Re: Emergent Learning LO2111

Orbis (
14 Jul 95 12:25:32 EDT

Replying to LO2068 [...linkage made by your host...]

Kent Myers wrote:
>I am a below-average performer in billiards, darts, golf, tennis, and
>archery. On a few occasions, in each sport, I have been miraculously
>successful. I believe that an underlying ability is disabled by a brain
>within the brain that interferes while attempting to monitor and control.

> I would say that I have a general blockage (covering many similar
>tasks), and that the blockage presents abruptly and chronically. The
>problem may be the use of an explicit knowledge processor to monitor tacit
>knowledge performance. An appropriate monitor is available but is

I have a couple of points about the underlying premise, and also a request
to those involved in the broader discussion of this thread.

Firstly, randomness (which your fellow players will call "luck") will
undoubtably lead to people being "miraculously successful" on odd
occasions in most sports. Just look at some of the score sheets of below
average bowlers and you will find strikes, sometimes in sequence. This
demonstrates that your brain and body is capable of producing the right
formula for good performance, but I would be wary of calling this an
"underlying ability". Secondly, It is apparent that some people can more
easily understand and duplicate what the brain and body is doing when good
performance is achieved. Thus, they can move up the learning curve faster.
A lot of "inner game" type coaching focuses on the broader perspectives of
good sports performance, encouraging the person to get in touch with all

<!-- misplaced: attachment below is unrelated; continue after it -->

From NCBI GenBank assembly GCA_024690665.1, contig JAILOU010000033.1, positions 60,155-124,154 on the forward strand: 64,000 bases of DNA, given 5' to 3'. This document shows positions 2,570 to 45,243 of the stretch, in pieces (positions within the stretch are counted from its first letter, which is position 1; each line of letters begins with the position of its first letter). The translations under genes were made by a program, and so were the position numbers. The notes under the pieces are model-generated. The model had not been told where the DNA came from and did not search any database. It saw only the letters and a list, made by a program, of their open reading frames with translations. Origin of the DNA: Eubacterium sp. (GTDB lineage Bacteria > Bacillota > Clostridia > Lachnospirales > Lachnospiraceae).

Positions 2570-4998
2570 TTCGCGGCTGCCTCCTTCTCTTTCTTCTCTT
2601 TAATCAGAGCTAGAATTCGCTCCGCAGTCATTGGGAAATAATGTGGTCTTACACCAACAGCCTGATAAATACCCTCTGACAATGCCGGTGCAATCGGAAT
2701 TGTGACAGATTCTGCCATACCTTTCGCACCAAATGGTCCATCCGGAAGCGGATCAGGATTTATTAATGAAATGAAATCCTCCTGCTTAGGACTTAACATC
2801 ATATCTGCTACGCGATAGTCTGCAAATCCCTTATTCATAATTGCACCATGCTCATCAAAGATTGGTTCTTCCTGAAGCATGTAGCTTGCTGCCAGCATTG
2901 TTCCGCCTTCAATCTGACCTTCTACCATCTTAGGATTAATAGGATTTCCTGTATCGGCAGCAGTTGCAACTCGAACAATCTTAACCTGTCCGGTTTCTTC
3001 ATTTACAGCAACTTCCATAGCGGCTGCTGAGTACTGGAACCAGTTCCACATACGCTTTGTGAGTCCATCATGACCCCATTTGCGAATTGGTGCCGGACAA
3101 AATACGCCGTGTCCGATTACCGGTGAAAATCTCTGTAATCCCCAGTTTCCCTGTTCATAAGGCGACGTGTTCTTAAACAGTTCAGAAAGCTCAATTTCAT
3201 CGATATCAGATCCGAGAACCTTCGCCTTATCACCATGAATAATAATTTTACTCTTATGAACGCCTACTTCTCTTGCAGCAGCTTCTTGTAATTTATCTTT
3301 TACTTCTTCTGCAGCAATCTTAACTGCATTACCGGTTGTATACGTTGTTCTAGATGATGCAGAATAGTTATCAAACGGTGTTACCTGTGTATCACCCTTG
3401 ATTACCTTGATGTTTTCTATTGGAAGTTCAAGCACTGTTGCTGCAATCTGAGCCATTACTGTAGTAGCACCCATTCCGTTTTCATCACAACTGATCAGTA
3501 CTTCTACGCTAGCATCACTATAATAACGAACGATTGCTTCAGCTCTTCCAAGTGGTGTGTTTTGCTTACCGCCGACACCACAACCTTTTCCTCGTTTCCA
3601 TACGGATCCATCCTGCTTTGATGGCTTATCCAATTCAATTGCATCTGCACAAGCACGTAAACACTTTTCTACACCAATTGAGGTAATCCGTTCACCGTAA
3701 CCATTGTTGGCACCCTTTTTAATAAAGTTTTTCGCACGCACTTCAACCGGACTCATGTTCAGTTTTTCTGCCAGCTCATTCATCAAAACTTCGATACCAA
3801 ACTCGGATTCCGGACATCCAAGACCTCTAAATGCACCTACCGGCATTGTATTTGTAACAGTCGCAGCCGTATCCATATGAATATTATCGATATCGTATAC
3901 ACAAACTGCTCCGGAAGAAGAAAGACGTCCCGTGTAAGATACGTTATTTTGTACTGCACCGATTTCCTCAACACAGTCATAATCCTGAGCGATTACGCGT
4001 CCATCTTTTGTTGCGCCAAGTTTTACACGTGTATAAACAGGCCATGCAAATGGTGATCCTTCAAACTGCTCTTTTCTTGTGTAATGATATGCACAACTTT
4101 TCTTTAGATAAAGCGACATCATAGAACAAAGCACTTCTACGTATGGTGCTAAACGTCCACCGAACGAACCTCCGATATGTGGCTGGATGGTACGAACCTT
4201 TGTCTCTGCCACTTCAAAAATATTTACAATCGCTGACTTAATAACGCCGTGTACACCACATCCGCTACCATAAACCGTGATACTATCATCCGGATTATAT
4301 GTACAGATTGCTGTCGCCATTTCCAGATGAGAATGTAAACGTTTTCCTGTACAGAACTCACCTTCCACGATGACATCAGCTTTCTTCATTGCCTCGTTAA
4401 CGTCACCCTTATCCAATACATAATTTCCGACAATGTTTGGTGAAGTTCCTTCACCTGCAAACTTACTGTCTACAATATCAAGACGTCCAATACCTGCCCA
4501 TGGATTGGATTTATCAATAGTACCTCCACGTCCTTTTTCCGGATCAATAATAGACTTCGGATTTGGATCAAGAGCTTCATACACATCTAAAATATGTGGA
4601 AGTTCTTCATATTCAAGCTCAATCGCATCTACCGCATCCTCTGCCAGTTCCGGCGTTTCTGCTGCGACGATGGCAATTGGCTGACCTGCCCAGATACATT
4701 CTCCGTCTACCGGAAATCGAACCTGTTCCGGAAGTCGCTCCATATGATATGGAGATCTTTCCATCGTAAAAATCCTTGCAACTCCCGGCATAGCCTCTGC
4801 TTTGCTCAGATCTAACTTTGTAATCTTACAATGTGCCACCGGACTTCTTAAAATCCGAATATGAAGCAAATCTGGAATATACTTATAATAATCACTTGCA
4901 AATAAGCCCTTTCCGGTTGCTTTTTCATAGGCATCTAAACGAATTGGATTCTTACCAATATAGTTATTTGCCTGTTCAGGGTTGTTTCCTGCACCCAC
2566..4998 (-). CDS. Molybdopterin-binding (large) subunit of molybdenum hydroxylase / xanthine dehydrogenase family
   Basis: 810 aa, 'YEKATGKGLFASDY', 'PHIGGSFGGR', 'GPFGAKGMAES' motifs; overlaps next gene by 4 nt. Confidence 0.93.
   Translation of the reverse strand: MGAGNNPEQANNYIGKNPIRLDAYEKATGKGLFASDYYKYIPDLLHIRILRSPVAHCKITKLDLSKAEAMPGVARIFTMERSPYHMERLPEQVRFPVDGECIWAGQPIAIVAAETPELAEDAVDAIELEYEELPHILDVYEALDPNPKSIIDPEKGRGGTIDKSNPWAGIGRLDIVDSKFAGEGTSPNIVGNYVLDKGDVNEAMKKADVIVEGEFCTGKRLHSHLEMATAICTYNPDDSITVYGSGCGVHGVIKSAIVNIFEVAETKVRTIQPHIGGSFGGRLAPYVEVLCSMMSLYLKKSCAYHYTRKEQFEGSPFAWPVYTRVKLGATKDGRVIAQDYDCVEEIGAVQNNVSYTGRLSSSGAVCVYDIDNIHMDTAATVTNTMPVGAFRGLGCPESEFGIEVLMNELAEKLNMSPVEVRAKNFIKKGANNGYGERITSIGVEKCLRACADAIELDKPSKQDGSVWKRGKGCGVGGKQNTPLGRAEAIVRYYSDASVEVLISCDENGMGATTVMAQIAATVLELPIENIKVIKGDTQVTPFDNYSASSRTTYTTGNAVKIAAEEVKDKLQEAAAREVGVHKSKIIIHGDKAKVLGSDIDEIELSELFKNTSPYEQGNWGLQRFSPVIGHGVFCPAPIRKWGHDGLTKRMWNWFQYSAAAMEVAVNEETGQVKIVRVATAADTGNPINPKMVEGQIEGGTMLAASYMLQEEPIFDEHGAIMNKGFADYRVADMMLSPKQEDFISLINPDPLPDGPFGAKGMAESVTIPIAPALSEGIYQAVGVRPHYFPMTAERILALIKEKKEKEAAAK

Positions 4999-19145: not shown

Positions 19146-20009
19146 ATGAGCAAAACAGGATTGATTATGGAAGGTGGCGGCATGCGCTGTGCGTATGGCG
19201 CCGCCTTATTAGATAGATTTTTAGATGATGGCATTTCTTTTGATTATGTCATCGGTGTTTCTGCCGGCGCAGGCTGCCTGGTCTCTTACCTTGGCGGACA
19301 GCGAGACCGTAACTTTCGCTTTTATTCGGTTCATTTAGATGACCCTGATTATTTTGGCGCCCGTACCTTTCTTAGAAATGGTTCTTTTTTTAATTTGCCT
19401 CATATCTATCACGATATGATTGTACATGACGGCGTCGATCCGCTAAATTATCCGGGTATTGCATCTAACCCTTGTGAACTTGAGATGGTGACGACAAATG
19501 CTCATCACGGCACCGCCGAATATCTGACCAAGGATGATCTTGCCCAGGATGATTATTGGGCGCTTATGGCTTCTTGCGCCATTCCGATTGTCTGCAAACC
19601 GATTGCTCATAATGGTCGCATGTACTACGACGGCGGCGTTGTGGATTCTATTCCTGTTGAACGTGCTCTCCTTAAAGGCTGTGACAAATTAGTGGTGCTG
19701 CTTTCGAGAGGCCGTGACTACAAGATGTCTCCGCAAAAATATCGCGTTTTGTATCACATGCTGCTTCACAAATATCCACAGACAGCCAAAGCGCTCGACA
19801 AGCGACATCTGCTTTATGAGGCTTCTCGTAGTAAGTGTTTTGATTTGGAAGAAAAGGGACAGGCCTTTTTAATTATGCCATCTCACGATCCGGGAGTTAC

brain and body functions. Thirdly, it is the consistency of that
performance that is key. This is why very capable sports people, and
musicians etc., practice a great deal. There is a shared belief in such
communities that regular practice is needed to maintain performance, as
well as improve it. Even those blessed with the underlying ability, such
as young tennis stars, seem to accept that regular reproduction of such
abilities comes through practice.

Now to my request prefaced by the thinking that led to it. I am not sure
if the many sports examples are useful. Sports situations generally are
more predictable than organizational situations, so the learning and
practice can be designed to cope with a range of predictable events. Also,
while good sports performers do practice a lot, good organizational
performers, or even average or poor ones, seem not to practice. (With the
exception of the military and emergency services.)

So, please help me relate this thread to organizational performance, and
what may be learnt from it in order to achieve good performance in, say,
software engineers, or sales people. Also, more importantly for me, what
can a LO do to foster and support emergent learning?

Peter A. Smith
Orbis Learning Corporation

"Individual learning is a necessary but insufficient force for organizational learning." Argyris, C. & Schon, D.A.